Threat intelligence

“Threat intelligence is evidence-based knowledge, including context, mechanisms, indicators, implications and action-oriented advice about an existing or emerging menace or hazard to assets. This intelligence can be used to inform decisions regarding the subject’s response to that menace or hazard.”

— Gartner's website

Easing the consumption

Certain organizations attempt to integrate threat data feeds into their network; however, they often struggle with managing the substantial influx of data. Consequently, analysts may find it challenging to determine what information is pertinent and what is not, thereby burdening them further due to the lack of suitable tools to process and prioritize the data.

The most effective solutions leverage machine learning to automate the collection and processing of data. These solutions are capable of integrating with pre-existing systems and consolidating unstructured data from a variety of sources. By analyzing this information, they can provide context on indicators of compromise (IoCs) and the tactics, techniques, and procedures (TTPs) used by threat actors, effectively connecting the dots and aiding in incident response.

A central role for threat intelligence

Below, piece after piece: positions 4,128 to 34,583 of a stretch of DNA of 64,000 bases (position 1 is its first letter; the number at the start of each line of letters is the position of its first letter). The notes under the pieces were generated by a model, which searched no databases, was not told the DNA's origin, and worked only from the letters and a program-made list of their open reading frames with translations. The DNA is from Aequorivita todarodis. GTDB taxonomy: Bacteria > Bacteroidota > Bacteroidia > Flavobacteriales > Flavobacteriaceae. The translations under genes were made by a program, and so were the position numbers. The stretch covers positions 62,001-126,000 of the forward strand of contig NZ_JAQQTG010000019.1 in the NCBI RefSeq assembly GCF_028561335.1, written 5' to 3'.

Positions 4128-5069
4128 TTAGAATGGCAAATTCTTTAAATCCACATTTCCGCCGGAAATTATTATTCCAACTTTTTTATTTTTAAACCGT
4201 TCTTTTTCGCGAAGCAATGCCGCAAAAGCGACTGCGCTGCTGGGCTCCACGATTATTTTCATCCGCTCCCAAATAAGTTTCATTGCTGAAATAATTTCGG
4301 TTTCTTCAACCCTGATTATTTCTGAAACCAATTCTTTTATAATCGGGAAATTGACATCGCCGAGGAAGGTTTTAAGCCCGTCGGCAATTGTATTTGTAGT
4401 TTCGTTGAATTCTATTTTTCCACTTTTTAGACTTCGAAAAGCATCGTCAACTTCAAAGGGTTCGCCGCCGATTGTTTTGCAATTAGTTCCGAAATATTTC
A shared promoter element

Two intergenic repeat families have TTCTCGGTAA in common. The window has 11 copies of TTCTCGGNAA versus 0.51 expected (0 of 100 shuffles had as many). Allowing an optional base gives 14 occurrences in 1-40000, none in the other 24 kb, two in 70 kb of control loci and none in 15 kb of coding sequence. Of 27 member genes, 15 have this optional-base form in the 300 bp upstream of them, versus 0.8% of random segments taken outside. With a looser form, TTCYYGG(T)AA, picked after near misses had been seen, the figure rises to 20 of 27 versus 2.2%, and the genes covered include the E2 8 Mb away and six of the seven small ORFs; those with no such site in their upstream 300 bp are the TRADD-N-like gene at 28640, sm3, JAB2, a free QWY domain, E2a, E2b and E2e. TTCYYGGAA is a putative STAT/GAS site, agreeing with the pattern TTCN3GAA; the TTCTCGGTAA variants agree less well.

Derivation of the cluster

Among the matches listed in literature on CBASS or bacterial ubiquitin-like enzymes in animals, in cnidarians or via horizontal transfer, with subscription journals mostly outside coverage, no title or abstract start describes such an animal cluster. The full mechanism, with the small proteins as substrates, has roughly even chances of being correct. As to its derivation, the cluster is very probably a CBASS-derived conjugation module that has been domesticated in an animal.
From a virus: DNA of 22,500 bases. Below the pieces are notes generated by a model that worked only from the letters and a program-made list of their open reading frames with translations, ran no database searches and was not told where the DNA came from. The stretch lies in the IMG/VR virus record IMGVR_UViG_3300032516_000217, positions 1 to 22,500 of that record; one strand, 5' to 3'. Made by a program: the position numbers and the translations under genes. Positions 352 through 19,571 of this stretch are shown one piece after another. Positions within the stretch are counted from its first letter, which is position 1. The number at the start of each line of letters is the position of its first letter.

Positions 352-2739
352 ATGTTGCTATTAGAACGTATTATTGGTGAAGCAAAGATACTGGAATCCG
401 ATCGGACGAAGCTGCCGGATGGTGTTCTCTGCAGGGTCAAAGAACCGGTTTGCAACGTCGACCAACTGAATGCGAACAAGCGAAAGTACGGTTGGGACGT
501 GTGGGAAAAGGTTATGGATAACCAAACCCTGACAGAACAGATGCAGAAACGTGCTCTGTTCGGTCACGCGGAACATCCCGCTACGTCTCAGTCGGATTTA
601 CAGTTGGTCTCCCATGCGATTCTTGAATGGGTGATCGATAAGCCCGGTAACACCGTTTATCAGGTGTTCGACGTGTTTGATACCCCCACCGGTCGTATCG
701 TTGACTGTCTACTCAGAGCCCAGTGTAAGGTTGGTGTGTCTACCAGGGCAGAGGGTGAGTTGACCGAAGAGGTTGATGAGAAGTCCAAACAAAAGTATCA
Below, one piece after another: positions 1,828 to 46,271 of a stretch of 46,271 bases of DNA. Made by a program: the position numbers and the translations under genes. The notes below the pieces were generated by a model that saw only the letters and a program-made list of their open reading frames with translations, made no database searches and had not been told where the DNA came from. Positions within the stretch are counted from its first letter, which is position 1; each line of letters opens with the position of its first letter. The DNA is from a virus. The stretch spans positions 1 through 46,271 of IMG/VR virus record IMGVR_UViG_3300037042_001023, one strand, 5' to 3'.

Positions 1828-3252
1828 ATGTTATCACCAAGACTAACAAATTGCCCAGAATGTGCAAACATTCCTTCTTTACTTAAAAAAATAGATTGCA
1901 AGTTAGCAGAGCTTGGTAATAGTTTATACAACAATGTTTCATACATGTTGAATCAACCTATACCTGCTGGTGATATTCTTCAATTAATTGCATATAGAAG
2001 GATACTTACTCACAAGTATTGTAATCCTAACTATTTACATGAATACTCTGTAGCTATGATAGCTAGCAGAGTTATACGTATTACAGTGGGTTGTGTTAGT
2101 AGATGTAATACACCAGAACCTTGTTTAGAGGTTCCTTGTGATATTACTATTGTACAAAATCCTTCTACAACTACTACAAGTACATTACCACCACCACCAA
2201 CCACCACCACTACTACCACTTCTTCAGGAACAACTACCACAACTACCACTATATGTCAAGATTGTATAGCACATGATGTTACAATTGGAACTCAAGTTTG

If threat intelligence is treated as a separate function within a security team, instead of being considered an integral component that complements all other functions, it may result in many individuals who could benefit from it not having timely access to it. Over time it is becoming a central resource in the structural cyberdefence.

Several subcategories of threat intelligence

Threat intelligence is typically divided into three distinct subcategories:

  1. Strategic - Pertaining to broader trends and intended for a non-technical audience.
  2. Tactical - Focused on outlining the tactics, techniques, and procedures of threat actors and intended for a more technical audience.
  3. Operational - Comprising technical details related to specific attacks and campaigns.

Stakeholders and consumers of strategic intelligence can include:

  • C-Suite (CISO, CIO, CSO, CTO)
  • Board Members
  • Senior VPs
  • Intelligence Leaders (Cyber and Physical)

Stakeholders and consumers of tactical threat intelligence can include:

  • SOC Analysts
  • IT Analysts
  • Vulnerability Management Teams

Stakeholders and consumers of operational threat intelligence can include:

  • Security Leaders
  • SOC Managers
  • Threat Hunters
  • Cyber Threat Intelligence Teams
  • Incident Responders

Second degree uses

Overcoming SOC fatigue

Distinguishing relevant threats and helping triage incidents/events.

Prioritize Vulnerability management

Away from 'patch everything'

Threat actors are also quicker — it now only takes fifteen days on average between a new vulnerability being announced and an exploit targeting it appearing.

This has two implications:

  • You have two weeks to patch or remediate your systems against a new exploit. If you can’t patch in that timeframe, have a plan to mitigate the damage.
  • If a new vulnerability is not exploited within two weeks to three months, it’s unlikely to ever be — patching it can take lower priority.

Fraud prevention

Security leadership

Reduce Third Party Risk


5 Use Cases

Best solutions

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